Friday, February 28, 1997
Fraternal twin fantasies
Hotel Mexico is an offbeat adventure, while Rio Bravo sinks on service

BY POLLY CAMPBELL
The Cincinnati Enquirer

There seems to be some confusion in this virtual world of ours: TV with real life, the Internet with human contact and Disney World with real travel. Then there are the fantasy theme restaurants that pretend to be celebrity hangouts or '50s burger joints.

Two theme restaurants in Kenwood -- Hotel Mexico and Rio Bravo Cantina -- are this kind of virtual restaurant. It's not hard to understand the emphasis on fantasy. After all, the theme ''one more development amid ugly suburban sprawl'' isn't very compelling.

The theme of Hotel Mexico, which is the second in a planned chain, seems to be ''adventure.'' It's played out with a wild mixing of global menu references. Note the ''Jamaican'' sauce on ''Timbuktu'' chicken wings.

The copy on the menu is plain silly: ''. . . an imaginary place where things of adventure, distant travel and time had no limitations . . .'' And the TVs with ads for the restaurant are annoying. But in spite of all this, I rather liked the place.

Refreshing greenhouse

Hotel Mexico is a huge, new building. A high glass roof seems to soar stories above the partial second floor. There's a jungle of indoor trees and plants. Video screens show nature images, while the sound system plays bird songs, jungle drums and occasionally the roar of a jet taking off. A whale tail plunges through a wall, a train goes around a track above the bar. Servers are dressed in bright purple bellboy suits. Still to come are an aquarium and a wall of water behind the whale tail and real artists working in the ''artist's studio.''

Sure, it's overdone, but on a gray winter evening, the spacious greenhouse atmosphere is welcome. It's nice to forget the world outside.

The menu has a spirit of adventure, though it's more like a packaged bus tour than, say, rafting the Amazon. The Shrimp Remoulade appetizer ($8.95), a New Orleans classic, is presented fancifully in a Mexican mortar with Indian pappadams and Asian shrimp crackers. The little fried strips of Thai chicken ($5.95) are glazed in a sweetly spicy sauce. Fu Goo ($6.95) is more mundane: ground beef with mild cheese and guacamole. Love the red corn chips that come with it (regular ones are superior, too.)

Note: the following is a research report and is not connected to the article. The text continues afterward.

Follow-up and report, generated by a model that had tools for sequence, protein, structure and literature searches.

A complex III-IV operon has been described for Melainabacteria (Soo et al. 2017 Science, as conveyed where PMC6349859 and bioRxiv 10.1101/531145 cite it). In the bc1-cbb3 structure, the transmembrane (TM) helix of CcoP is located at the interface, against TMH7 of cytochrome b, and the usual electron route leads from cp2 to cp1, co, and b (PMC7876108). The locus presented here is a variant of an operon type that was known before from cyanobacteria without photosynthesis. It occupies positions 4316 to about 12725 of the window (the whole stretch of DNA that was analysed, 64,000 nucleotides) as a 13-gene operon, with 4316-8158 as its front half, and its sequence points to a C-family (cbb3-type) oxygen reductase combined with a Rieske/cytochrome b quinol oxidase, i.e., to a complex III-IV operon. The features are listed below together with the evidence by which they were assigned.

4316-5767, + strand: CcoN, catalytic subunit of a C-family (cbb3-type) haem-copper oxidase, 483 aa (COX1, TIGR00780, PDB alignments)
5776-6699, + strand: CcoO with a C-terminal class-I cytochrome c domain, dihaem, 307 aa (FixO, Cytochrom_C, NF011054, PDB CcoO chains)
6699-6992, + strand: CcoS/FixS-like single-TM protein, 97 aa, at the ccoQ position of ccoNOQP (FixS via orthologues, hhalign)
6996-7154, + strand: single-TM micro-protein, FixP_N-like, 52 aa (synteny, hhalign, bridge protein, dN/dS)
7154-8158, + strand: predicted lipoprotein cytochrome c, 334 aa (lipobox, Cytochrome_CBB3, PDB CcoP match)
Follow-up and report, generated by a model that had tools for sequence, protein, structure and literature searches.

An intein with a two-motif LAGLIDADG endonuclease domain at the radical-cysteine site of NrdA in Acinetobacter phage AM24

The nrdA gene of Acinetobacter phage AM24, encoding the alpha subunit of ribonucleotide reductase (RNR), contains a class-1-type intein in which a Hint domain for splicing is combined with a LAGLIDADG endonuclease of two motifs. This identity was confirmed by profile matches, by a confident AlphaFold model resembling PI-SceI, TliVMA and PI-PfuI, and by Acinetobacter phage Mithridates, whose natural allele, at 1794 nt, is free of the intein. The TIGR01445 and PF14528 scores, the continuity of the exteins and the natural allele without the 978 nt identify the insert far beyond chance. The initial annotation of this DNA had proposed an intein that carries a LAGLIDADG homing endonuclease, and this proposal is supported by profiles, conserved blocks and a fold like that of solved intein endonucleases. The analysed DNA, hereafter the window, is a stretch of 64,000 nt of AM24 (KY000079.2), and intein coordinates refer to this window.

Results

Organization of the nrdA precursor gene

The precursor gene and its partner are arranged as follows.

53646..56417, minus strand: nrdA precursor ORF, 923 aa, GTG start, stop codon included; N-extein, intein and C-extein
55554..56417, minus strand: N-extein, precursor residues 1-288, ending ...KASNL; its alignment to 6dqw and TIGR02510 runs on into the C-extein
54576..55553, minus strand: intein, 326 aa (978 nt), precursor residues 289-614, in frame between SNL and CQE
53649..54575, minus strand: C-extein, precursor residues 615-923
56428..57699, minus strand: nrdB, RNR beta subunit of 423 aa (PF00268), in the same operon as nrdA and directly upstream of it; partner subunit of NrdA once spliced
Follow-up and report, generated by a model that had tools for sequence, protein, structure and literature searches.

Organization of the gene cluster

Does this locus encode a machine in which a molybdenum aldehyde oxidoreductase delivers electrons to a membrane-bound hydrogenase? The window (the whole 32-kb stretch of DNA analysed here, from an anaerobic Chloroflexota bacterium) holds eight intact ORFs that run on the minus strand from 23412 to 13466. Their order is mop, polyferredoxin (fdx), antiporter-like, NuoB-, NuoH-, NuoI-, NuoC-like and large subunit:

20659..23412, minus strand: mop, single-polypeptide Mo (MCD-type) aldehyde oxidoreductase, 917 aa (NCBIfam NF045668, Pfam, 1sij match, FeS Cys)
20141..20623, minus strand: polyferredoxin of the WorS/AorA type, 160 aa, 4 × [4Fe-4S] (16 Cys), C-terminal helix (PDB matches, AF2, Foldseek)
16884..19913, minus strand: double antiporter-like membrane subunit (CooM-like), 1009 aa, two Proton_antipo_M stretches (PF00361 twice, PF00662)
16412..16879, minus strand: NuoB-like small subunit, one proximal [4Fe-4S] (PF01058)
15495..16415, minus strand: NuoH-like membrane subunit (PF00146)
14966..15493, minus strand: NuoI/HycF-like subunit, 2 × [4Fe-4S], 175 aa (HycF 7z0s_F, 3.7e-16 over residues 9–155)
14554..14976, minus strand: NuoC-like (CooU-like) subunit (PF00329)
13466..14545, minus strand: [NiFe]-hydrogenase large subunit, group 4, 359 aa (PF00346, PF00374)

Of the Mexican entrees, I recommend shrimp fajitas ($14.95), full of sizzling shrimp and fresh flavors of onions, tomatoes and a chipotle sauce. The barbecue sauce on Katmandu Chicken ($13.95) is respectably hot, and also tastes good on the skinny crunchy sweet potato fries underneath. Chicken Milan ($13.95), with its piquant caper butter sauce, fresh sage and prosciutto, is heavy on flavor, but also heavy from breading and butter. New Asia Salmon ($15.95) also has too much butter -- a bit odd with the pickled ginger.

The best dessert is bananas creme brulee ($4.95), which combines the comfort of banana cream pie with the sophistication of creme brulee. Chocolate chip cookie dough pie ($4.95) is a cheat if you really like dough -- it's cooked.

I appreciated the service at Hotel Mexico. Unlike many chains, it was competent but not intrusive.

Decor outdoes food

A few blocks away, Rio Bravo Cantina replaced a Ground Round with a Hollywood movie-set version of a Mexican roadhouse, complete with distressed bricks and plaster and aged weathered doors. Inside, there are chandeliers, colored lights, chile lights, lite beer lights, balloons, big clocks, Mexican tiles, ropes of chiles, sailfish, cerveza signs, TVs on with no sound, Julio Iglesias on the sound system, exclamation marks all over the menu and a big automatic tortilla-making machine.